A Hero (CREDIT: Amir Hossein Shojaei)

Starring: Amir Jadidi, Mohsen Tanabandeh, Fereshteh Sadrorafaii, Sahar Goldoust, Maryam Shahdaie, Sarina Farhadi, Saleh Karimai

Director: Asghar Farhadi

Running Time: 127 Minutes

Rating: PG-13 for Some Minor Fisticuffs

Release Date: January 7, 2022 (Theaters)/January 21, 2022 (Amazon Prime Video)

I’ve lately been realizing that I really enjoy movies and TV shows that work as little morality tales, and I especially have to thank Asghar Farhadi for that. The Iranian filmmaker behind the Oscar-winning A Separation and The Salesman is cinema’s current go-to guy for stories about emotionally wrenching dilemmas. A Hero is just the latest example of his probing pieces in which you’ll likely find your allegiances suddenly shifting, as it is abundantly clear that every character is worthy of our sympathy. Existence leaves so many of us in cruel situations, but they’re made easier if we offer a helping hand, though that can be tricky when that helping hand gets in the way of aiding somebody else.

The titular hero is divorced dad Rahim, played by Amir Jadidi with the right mix of diffidence and determination that makes you wonder, how much of a hero is he really? Should we ever hero worship anyone no matter how much we appreciate what they’ve done? He’s currently in prison because of a debt he’s unable to pay off thanks to an unscrupulous business partner. He’s allowed out for a few days, around the time that his secret fiance discovers a bag filled with money. They want to keep it, as it’s potentially enough cash to pay off his debt, but they ultimately decide to instead find the owner. And when they do, Rahim takes the credit, partly to keep the relationship under wraps. This attracts the attention of journalists and a local charity organization, which just might be able to raise enough for Rahim to pay back the loan and get out of prison.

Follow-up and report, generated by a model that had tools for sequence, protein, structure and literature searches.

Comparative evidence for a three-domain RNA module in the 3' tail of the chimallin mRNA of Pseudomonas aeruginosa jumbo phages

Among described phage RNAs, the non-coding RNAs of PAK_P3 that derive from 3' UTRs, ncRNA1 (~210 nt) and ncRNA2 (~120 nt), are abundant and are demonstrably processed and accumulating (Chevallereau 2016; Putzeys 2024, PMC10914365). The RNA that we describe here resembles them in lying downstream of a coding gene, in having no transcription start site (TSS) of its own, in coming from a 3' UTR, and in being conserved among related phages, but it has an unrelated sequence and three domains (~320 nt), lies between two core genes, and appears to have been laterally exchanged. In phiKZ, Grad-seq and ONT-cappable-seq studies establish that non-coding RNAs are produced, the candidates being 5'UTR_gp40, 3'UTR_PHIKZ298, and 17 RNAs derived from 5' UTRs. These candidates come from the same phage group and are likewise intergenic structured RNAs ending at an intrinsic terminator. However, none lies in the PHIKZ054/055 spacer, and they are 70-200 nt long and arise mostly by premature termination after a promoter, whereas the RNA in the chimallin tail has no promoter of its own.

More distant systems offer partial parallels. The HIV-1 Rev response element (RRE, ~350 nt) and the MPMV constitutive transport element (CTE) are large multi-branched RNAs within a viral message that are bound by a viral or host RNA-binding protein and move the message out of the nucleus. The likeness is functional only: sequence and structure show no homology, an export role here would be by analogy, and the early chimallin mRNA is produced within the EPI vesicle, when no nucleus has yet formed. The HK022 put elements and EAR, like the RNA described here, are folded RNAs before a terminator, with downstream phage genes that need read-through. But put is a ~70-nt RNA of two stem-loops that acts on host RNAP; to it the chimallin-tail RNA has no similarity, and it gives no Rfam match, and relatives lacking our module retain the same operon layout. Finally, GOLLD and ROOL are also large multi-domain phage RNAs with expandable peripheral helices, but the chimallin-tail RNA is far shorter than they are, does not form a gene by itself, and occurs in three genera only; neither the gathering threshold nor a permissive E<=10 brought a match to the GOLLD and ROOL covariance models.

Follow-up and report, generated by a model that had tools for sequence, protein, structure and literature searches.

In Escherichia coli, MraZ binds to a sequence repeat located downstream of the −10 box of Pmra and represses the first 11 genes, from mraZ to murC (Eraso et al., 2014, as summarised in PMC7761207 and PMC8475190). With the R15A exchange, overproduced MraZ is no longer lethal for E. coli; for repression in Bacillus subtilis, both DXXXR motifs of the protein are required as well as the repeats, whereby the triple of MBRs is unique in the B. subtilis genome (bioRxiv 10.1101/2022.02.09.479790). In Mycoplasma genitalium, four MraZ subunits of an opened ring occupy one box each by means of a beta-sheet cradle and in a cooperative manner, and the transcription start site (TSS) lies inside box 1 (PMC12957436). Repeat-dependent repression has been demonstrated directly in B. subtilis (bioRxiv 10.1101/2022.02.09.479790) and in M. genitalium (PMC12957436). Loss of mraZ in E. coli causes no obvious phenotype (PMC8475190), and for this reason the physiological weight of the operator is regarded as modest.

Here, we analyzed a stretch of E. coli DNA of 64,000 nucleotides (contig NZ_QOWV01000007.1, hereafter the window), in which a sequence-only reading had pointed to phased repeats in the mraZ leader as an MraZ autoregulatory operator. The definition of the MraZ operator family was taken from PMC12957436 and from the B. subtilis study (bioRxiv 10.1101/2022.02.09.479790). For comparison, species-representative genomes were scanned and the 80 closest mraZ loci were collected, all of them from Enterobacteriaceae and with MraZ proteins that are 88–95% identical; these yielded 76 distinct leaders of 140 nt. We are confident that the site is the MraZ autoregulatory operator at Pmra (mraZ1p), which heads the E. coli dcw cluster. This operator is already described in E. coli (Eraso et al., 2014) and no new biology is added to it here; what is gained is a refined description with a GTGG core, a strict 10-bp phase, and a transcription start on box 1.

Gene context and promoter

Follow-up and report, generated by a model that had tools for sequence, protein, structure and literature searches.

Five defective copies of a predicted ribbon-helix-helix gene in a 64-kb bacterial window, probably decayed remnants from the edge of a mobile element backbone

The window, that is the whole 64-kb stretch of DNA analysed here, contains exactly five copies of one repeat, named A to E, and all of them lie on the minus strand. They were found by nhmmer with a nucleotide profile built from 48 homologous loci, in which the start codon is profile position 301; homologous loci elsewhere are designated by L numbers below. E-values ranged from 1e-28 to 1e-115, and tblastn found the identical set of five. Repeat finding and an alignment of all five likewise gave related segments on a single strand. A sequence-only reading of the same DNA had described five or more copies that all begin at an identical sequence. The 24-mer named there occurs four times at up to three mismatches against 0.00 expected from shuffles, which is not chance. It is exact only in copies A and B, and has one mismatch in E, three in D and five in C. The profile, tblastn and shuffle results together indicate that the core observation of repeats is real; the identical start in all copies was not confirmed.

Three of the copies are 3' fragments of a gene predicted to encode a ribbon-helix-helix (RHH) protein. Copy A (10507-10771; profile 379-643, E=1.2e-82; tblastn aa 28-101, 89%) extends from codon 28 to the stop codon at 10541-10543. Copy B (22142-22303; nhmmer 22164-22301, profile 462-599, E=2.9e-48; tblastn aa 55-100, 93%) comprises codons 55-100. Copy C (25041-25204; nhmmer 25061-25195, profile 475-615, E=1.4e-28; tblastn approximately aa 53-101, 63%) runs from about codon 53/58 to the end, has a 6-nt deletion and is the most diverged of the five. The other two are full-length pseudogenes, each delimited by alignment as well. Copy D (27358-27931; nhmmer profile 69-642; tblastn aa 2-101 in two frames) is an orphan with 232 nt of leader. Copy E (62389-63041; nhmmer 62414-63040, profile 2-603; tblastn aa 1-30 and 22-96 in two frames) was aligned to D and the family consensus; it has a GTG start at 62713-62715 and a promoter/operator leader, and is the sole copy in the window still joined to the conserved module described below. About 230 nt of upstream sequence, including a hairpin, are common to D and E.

But not so fast! His creditor Bahram (Mohsen Tanabandeh), who also happens to be his ex-brother-in-law, insists that he’s not willing to forgive the debt if Rahim can’t raise the full amount. And he’s not sure Rahim even deserves any of the money that’s been donated anyway, as he has some doubts about the money bag story. To be fair, it is a little fishy, as Rahim is indeed keeping some details under wraps. And it doesn’t help that the woman with the bag disappears off the face of the Earth after it’s returned to her. (It seems like she’s trying to escape an abusive marriage.)

So Rahim’s path back to freedom won’t be so simple after all. He’s been given a raw deal, although he could certainly help himself out a bit by being less prideful. But you can definitely understand Bahram’s perspective, as well as those of Rahim’s sister and her family, and those of the prison workers, the charity board members, and the woman with the bag.

During Rahim’s stonewalled interactions with Bahram, I couldn’t help but think of the biblical parable of the Prodigal Son. Like the older brother in that story, Bahram is insistent that one’s responsibilities should be taken care of in the proper manner. Bahram’s a sympathetic figure, as it’s clear that Rahim’s past transgressions have seriously hurt his family. But it’s equally clear that he would be better off – and so would everybody – if he instead chose to be more kind. A Hero posits that people are most likely to display kindness when they hear a good story, but that’s not exactly the most encouraging fact of life.

A Hero is Recommended If You Like: Parables, Aesop’s fables, Social dilemmas

Grade: 4 out of 5 Debts